Home > Bloom of Doom, Depression, Economic Forecasting, Economics, Economy, Financial Crisis, Gross Domestic Product - GDP, News, Recession > Bloom of Doom I: British Economy Creeps Out of Recession?

Bloom of Doom I: British Economy Creeps Out of Recession?

In today’s Wall Street Journal online in an article titled “British Economy Creeps Out of Recession” we read:

“The Office for National Statistics said Tuesday that gross domestic product in the three months to Dec. 31 [2009] increased 0.1% compared with the third quarter. Compared with a year earlier, GDP fell 3.2%. … For the whole of 2009, the economy contracted 4.8%—its biggest output fall on record.” (Emphasis CrisisMaven)

(See more statistical material in our References section!)

As I wrote earlier, this first part is a (dangerous) fallacy (with the latter probably understated): not only is a GDP growth of 0.1 percent within any conceivable margin of error, and probably promulgated only because a clear zero or below would not have allowed to call a premature end to the recession (something any government must want, to show its economic prowess), but also, and this is even more worrying, because GDP deliberately and inevitably contains public spending and any programmes that build bridges to nowhere or that, like “cash for clunkers” in the US, at the same time destroy half the value that they purport “to create”.

So, no, given the irrationally exuberant public spending and bloating of the money supply in the recent two years, GDP must have fallen in real terms in any case, even if unproductive spending is counted, and without it  must have fallen probably another 5% year-on-year.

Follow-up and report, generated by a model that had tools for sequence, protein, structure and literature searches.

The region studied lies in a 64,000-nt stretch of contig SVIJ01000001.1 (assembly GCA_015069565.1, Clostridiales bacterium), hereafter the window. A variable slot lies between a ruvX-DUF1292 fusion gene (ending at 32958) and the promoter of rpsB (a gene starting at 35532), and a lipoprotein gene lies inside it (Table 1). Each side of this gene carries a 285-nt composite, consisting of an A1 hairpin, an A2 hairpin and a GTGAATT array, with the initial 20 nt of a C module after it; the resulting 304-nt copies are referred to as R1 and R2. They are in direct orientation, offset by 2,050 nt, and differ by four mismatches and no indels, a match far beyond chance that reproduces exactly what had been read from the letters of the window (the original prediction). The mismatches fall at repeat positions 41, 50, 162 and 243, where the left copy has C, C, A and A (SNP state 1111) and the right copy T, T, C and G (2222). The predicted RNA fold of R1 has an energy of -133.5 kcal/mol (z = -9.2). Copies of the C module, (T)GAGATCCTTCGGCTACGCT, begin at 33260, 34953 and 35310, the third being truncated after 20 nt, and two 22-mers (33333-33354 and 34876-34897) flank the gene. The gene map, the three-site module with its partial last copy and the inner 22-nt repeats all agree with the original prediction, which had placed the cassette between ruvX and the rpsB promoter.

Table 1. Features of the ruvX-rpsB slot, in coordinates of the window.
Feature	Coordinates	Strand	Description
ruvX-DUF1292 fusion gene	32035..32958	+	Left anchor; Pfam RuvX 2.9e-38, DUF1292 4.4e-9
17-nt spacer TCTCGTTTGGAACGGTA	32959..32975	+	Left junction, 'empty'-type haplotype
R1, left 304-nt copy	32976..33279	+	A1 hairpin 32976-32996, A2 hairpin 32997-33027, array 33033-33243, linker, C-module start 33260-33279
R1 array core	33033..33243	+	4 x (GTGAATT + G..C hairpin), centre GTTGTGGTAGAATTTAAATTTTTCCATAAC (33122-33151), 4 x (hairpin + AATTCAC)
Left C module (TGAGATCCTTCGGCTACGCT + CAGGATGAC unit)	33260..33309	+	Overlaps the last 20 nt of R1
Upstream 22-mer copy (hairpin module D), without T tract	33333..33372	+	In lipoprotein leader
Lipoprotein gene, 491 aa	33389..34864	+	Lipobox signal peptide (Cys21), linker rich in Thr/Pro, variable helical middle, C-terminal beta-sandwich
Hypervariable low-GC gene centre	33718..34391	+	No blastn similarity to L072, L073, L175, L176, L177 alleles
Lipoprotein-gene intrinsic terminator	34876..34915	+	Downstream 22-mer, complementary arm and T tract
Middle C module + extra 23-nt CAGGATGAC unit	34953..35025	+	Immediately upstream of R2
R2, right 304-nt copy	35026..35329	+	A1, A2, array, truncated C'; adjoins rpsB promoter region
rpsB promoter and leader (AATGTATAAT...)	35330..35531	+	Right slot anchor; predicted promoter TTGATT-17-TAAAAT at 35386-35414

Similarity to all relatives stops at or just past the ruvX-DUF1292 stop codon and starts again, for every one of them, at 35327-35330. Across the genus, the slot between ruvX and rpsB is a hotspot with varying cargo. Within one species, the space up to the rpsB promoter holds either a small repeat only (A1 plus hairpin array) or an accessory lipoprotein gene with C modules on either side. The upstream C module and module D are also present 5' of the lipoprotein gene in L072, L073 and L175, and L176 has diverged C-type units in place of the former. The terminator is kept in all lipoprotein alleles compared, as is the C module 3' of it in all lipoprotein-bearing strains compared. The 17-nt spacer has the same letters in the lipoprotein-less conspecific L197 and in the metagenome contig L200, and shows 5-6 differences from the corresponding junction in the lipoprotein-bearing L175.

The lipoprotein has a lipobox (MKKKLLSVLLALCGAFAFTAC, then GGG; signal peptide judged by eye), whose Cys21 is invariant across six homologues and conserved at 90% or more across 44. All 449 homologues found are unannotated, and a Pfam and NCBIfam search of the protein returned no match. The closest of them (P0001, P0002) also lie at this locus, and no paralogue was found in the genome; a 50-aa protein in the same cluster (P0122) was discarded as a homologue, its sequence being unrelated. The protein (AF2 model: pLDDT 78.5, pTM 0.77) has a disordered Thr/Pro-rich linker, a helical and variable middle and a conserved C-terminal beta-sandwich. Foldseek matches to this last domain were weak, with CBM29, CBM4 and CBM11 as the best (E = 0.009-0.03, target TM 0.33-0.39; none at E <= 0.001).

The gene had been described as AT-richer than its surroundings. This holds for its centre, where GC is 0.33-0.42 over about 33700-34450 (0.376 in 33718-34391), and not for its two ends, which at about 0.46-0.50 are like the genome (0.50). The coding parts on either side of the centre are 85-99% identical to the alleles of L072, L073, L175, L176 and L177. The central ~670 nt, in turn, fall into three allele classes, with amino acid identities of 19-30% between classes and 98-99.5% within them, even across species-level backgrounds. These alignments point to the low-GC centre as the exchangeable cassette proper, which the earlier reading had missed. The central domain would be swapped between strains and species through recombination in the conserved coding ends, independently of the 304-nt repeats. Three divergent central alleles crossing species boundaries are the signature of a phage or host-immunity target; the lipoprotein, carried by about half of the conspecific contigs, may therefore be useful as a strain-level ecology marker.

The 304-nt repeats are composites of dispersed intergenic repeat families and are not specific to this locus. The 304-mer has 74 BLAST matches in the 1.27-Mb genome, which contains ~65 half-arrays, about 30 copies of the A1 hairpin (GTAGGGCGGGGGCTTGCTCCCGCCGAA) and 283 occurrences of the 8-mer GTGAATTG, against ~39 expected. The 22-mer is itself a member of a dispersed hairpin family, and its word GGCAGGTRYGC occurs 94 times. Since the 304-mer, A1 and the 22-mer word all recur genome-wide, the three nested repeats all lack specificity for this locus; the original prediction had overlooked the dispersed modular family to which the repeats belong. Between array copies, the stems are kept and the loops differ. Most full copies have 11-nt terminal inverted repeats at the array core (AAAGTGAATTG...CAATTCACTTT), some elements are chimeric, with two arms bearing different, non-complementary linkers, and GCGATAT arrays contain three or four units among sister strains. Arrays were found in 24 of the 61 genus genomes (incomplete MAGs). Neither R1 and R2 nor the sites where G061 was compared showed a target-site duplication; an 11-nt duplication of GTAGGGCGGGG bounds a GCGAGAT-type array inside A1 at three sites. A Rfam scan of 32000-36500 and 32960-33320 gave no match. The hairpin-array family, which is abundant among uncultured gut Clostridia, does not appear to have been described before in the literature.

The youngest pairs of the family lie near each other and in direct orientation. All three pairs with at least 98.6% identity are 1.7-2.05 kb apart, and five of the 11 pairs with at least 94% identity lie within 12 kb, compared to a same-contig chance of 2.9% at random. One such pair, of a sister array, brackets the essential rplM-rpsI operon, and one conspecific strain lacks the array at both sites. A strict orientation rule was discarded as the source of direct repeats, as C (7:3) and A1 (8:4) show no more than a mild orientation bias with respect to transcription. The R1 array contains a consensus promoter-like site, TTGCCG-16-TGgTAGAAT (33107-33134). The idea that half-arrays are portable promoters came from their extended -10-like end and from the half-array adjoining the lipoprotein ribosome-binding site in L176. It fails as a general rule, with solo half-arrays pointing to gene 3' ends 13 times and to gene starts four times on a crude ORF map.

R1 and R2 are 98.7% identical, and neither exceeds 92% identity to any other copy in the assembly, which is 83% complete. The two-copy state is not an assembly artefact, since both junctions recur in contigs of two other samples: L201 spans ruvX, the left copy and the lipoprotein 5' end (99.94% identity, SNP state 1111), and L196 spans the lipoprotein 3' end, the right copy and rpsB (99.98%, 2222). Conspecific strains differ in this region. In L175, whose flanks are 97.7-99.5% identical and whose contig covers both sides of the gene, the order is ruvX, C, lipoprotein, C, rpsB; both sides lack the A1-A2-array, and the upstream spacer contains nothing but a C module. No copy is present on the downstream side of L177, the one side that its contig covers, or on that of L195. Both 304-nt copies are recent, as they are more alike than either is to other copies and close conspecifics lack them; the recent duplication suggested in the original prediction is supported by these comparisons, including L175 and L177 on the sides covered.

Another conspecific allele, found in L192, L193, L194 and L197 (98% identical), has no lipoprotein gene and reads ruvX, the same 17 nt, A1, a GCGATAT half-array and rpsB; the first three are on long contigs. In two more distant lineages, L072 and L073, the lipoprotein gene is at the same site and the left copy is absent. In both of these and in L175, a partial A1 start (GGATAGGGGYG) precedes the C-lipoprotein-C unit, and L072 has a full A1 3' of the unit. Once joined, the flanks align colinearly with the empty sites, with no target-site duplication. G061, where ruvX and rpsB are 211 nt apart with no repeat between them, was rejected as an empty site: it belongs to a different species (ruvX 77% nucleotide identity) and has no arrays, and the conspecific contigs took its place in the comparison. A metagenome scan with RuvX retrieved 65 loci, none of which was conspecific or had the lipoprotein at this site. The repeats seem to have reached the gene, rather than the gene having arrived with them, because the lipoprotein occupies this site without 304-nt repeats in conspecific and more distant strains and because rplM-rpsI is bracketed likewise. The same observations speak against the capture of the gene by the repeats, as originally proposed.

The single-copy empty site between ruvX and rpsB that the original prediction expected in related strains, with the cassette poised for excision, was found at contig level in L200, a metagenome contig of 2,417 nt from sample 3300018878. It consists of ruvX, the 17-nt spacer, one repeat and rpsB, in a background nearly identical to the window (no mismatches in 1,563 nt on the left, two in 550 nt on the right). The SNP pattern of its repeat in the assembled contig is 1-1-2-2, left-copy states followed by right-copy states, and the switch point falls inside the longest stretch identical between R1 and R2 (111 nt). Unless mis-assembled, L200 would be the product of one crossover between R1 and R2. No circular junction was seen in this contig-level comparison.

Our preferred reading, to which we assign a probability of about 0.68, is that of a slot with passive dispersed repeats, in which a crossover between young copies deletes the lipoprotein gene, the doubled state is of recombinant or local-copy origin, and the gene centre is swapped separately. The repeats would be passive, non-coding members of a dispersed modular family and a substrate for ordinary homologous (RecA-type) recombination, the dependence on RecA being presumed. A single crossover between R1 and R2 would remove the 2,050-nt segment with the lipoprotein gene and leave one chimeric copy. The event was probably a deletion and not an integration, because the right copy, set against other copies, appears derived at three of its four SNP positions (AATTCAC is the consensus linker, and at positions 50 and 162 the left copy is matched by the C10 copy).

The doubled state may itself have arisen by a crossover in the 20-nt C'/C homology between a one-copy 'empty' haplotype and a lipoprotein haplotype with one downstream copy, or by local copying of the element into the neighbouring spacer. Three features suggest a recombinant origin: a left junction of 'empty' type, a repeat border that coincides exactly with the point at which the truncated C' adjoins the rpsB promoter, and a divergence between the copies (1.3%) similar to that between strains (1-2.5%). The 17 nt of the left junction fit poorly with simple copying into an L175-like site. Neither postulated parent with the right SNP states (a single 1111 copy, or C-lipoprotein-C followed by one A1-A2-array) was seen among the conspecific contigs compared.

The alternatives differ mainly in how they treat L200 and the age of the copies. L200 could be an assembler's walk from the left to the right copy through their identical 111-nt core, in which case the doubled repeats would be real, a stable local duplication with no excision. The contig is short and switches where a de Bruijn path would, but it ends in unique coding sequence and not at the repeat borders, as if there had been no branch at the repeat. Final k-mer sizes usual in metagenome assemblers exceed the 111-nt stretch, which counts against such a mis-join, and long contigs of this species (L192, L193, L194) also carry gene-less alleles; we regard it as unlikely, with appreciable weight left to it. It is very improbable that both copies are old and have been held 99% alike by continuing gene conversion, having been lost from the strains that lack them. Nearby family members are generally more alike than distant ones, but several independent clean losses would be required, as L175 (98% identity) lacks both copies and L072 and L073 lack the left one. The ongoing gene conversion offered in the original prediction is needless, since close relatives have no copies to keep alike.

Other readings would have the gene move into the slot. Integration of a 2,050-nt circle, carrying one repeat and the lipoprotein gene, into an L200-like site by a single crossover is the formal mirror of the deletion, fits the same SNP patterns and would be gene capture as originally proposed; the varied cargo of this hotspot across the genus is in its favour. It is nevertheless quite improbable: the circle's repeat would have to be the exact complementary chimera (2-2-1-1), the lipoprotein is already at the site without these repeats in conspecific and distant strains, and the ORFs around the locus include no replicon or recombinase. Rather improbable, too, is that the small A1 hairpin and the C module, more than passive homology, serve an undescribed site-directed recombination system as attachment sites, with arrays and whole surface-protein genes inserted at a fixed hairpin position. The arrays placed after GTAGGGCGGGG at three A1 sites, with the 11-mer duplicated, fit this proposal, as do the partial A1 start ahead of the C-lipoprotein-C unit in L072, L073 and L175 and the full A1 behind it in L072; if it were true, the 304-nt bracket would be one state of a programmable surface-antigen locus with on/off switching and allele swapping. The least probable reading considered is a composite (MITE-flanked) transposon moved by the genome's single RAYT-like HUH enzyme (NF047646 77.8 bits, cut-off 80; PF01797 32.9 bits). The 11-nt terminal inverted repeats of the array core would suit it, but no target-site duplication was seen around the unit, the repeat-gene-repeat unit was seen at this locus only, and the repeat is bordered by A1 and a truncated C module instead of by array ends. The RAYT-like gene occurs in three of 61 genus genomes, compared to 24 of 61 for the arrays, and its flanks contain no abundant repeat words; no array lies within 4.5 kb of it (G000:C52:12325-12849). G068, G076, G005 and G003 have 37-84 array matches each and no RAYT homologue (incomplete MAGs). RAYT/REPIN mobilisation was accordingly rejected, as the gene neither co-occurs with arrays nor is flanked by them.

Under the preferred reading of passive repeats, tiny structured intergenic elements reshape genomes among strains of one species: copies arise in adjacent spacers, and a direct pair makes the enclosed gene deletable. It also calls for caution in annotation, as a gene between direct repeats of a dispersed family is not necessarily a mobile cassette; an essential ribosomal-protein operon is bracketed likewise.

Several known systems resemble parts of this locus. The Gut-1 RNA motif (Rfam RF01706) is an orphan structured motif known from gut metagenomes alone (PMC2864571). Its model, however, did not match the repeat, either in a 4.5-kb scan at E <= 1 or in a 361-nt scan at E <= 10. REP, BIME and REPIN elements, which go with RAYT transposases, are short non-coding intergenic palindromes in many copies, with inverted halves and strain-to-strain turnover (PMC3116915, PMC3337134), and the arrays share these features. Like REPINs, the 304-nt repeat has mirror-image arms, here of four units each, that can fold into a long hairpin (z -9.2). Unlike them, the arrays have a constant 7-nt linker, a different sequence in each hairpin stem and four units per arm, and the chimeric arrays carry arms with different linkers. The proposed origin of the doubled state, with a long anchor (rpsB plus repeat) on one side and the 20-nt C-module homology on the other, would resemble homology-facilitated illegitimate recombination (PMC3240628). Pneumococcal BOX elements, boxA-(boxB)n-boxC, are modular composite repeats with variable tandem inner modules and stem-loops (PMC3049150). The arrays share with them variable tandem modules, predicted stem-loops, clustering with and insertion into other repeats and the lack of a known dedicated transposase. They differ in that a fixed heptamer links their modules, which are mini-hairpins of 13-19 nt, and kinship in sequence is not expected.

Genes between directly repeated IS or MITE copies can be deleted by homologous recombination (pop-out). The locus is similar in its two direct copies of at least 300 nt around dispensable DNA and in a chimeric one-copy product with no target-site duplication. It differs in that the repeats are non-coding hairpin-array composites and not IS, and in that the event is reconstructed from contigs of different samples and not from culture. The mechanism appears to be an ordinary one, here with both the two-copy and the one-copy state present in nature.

Since in the best of times “saturated” economies such as the UK rarely even manage to grow above 3% (and again, that figure may always have been overstated in recent years as explained due to the bloating of GDP by “hedonicallymanipulated CPImeasures“), to make up for a 5% loss “from the top down” you need to grow about 5.5% “from the bottom up”, chances are, that from the time whenever the tide really begins to change (which may be years from now with further 5% drops, see the aftermath of 1929) it will take Britain (and the rest of the world for that matter, except for a few casualties along the way such as China and probably the USofA) double as long, probably ten to twenty years just to get to where Britain was at in, say, 2006!

Of course, there’s always the benedictive intercession of wars that really help end recessions … and without one it’s already “a bigger security risk than wars“.

When you think how Susan Boyle has done more to lift British spirits than a succession of governments and The Beatles and Abba, each less than half a dozen people, have added more value to their national economies than state intervention and even giant subsidised corporations!

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